Agricultural value chain development has emerged as a key methodology employed by multi- and bilateral donors, nongovernmental organizations, and research institutions to drive economic development. Value chain upgrading can result in significant economic impact in developing countries, contributing up to 30% of gross domestic product (United Nations Conference on Trade and Development, 2013). Through a case study of the Smallholders Alliance for Sorghum in Haiti (SMASH), we examine the process of creating an “inclusive” value chain that seeks to explicitly include smallholder producers to increase incomes while establishing a sustainable sorghum value chain.
Haiti is among the largest markets for U.S. Southern long-grain milled rice. It is also the poorest nation in the Western Hemisphere and is subject to chronic food insecu- rity. Haiti rst opened its market to rice imports in 1986 and again in 1995, reducing tariffs on rice imports to 3 percent. Haiti’s rice imports now account for 80 percent of consumption. Imports also allowed per capita food availability to rise by 11 percent between 1985 and 2011. Efforts are underway to improve agricultural performance, but even with signi cant productivity gains, Haiti is likely to continue to rely on imports of U.S. rice.
This document presents the results of a Pre-Crisis Market Mapping and Analysis (PCMMA) undertaken for GOAL Haiti, focused on seasonal drought affecting the maize and beans market systems. Both products are important in the target region, Gressier, Haiti. On the one hand, they represent a critical source of income for rural producers. Black, red and white beans, in particular, are considered among the most important cash crops in Gressier. Both are also important in terms of consumption.
MFK has developed three types of fortified popped millet food snacks and peanut butter in a sachet that it hopes to distribute on the Haitian market. Regarding the popped millet: one is a sweetened product, the other salty, and a third product is a mixture of the two. The peanut butter is a plain creamy, partly hydrogenated product made from high-grade local peanuts and imported varieties. MFK now wishes to test the products with consumers and develop a business plan for marketing them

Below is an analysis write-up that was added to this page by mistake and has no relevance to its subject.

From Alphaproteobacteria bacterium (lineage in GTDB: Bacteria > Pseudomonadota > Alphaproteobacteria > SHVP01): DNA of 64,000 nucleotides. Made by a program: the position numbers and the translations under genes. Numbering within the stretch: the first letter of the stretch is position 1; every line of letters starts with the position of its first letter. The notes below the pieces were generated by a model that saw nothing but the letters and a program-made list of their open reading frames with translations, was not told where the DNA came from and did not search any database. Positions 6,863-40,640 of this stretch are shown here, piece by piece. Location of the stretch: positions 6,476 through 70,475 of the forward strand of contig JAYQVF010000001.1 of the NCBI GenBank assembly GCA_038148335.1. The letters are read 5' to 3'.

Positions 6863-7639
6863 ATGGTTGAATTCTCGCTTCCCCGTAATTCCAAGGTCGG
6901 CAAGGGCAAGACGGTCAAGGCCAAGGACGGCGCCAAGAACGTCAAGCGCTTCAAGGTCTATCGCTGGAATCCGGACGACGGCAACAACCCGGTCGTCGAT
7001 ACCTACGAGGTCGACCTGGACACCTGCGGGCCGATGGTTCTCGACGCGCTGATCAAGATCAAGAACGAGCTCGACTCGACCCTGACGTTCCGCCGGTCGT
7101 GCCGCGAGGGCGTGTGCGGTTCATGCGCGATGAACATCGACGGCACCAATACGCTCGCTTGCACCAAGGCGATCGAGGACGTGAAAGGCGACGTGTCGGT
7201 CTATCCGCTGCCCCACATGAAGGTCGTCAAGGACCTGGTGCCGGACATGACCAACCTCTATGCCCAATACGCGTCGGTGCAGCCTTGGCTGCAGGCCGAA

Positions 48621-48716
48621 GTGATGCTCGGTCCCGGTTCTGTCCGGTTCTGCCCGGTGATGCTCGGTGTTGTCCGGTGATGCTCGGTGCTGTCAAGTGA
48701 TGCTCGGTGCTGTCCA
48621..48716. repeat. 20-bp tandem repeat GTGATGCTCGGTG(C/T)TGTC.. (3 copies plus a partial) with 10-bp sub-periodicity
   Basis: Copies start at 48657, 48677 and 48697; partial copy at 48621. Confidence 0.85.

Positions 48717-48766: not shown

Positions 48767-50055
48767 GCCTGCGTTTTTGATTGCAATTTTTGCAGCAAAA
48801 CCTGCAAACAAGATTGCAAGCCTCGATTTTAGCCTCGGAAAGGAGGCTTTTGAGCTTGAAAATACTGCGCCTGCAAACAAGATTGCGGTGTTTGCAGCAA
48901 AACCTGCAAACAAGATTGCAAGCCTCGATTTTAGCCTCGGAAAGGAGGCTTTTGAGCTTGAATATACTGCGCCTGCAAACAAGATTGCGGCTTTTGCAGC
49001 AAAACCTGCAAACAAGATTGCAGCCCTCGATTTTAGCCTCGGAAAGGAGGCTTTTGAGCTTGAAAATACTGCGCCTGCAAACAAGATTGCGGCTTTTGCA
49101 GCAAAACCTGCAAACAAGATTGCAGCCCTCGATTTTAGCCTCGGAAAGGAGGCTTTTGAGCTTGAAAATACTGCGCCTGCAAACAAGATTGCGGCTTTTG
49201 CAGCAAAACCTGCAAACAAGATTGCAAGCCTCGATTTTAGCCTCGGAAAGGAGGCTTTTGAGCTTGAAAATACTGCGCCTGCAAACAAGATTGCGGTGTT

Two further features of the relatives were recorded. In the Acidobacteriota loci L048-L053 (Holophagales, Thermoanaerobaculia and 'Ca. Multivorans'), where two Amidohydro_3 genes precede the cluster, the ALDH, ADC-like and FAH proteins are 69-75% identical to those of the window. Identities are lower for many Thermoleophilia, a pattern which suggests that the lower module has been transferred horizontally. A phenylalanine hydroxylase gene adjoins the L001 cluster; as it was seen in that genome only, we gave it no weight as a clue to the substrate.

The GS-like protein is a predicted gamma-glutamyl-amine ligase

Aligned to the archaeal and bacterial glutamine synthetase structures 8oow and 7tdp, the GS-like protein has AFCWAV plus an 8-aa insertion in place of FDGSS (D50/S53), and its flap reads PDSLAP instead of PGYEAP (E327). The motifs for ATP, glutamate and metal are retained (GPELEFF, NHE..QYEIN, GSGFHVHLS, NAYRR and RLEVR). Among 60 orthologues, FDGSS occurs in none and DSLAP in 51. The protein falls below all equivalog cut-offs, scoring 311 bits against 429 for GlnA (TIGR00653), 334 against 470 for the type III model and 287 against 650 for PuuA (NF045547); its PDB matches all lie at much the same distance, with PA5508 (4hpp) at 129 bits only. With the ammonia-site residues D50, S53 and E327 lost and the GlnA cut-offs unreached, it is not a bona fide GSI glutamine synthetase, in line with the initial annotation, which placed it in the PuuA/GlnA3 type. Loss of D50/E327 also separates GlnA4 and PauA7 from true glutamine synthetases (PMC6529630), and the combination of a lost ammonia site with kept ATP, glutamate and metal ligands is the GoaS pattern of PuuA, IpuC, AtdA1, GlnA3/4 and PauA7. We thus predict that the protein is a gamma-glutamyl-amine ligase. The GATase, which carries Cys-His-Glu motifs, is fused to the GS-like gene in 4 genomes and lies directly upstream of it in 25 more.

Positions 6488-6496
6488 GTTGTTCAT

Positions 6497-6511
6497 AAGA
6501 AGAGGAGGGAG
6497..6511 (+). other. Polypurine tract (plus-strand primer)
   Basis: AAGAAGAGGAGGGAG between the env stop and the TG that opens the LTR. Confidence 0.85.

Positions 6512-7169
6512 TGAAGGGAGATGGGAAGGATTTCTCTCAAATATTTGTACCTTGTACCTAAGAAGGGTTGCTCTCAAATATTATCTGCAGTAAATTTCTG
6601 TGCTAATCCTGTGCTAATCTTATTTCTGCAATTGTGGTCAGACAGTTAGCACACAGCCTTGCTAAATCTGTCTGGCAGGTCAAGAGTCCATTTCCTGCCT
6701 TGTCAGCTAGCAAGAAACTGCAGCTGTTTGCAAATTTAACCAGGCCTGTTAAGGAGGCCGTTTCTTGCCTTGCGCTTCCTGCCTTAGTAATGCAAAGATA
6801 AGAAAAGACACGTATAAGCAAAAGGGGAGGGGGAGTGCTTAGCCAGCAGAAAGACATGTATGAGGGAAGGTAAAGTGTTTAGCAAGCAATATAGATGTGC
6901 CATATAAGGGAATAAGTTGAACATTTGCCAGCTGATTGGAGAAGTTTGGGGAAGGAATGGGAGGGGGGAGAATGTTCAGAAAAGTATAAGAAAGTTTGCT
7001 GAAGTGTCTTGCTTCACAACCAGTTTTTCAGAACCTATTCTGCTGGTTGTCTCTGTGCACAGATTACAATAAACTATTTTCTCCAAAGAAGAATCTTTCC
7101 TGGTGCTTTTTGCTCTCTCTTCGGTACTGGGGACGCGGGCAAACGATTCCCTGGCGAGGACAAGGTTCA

This report presents the findings of the field research conducted in Haiti, primarily in the Central Plateau region, that identified and evaluated the main actors, product flows and opportunities for hot peppers (piman or piman bouk in Creole) and groundnuts (pistach in Creole).
Once a special food consumed on Sunday, rice has become the main staple of the Haitian diet, especially among low-income people. Imported rice accounts for the vast bulk (83 percent) of consumption. Current imports total some 380,000 tons annually, at a cost of $200 million a year. The irrigated Artibonite Valley region is, by far, the main rice production area in Haiti, accounting for up to 80 percent of national production.
Le Gouvernement Haïtien a fait du secteur agricole l’un des piliers de la croissance et de la réduction de la pauvreté dans le pays. Les actions visant à augmenter la capacité productive recensées dans le Plan national d’investissement agricole du MARNDR sont notamment : améliorer les infrastructures d’irrigation, promouvoir les organisations locales, améliorer les techniques de conservation et de lutte contre les pertes post récolte, améliorer l’accès au crédit, renforcer les services publics agricoles.
Le Gouvernement Haïtien a fait du secteur agricole l’un des piliers de la croissance et de la réduction de la pauvreté dans le pays. Les actions visant à augmenter la capacité productive, recensées dans le Plan national d’investissement agricole du MARNDR sont notamment: améliorer les infrastructures d’irrigation, promouvoir les organisations locales, améliorer les techniques de conservation et de lutte contre les pertes post récolte, améliorer l’accès au crédit, renforcer les services publics agricoles.
This rapid assessment of the Haitian rice value chain was originally prepared in support of Oxfam America’s livelihoods program, to “develop options for a program to support small-scale rice producers so as to improve household income and enhance the country’s food security” (From the assignment terms of reference).
On average, Haitians consume 70,000-80,000 tons of beans per year. The large majority of beans found in Haitian markets are produced locally. In 2009, Haitian farmers produced approximately 80% of beans consumed. Imports usually account for about 10-15%, and food aid accounts for the remaining 5-10%. Imports and food aid fluctuate depending on national production, for example food aid and imports increased in huge proportions following the 2008 cyclones.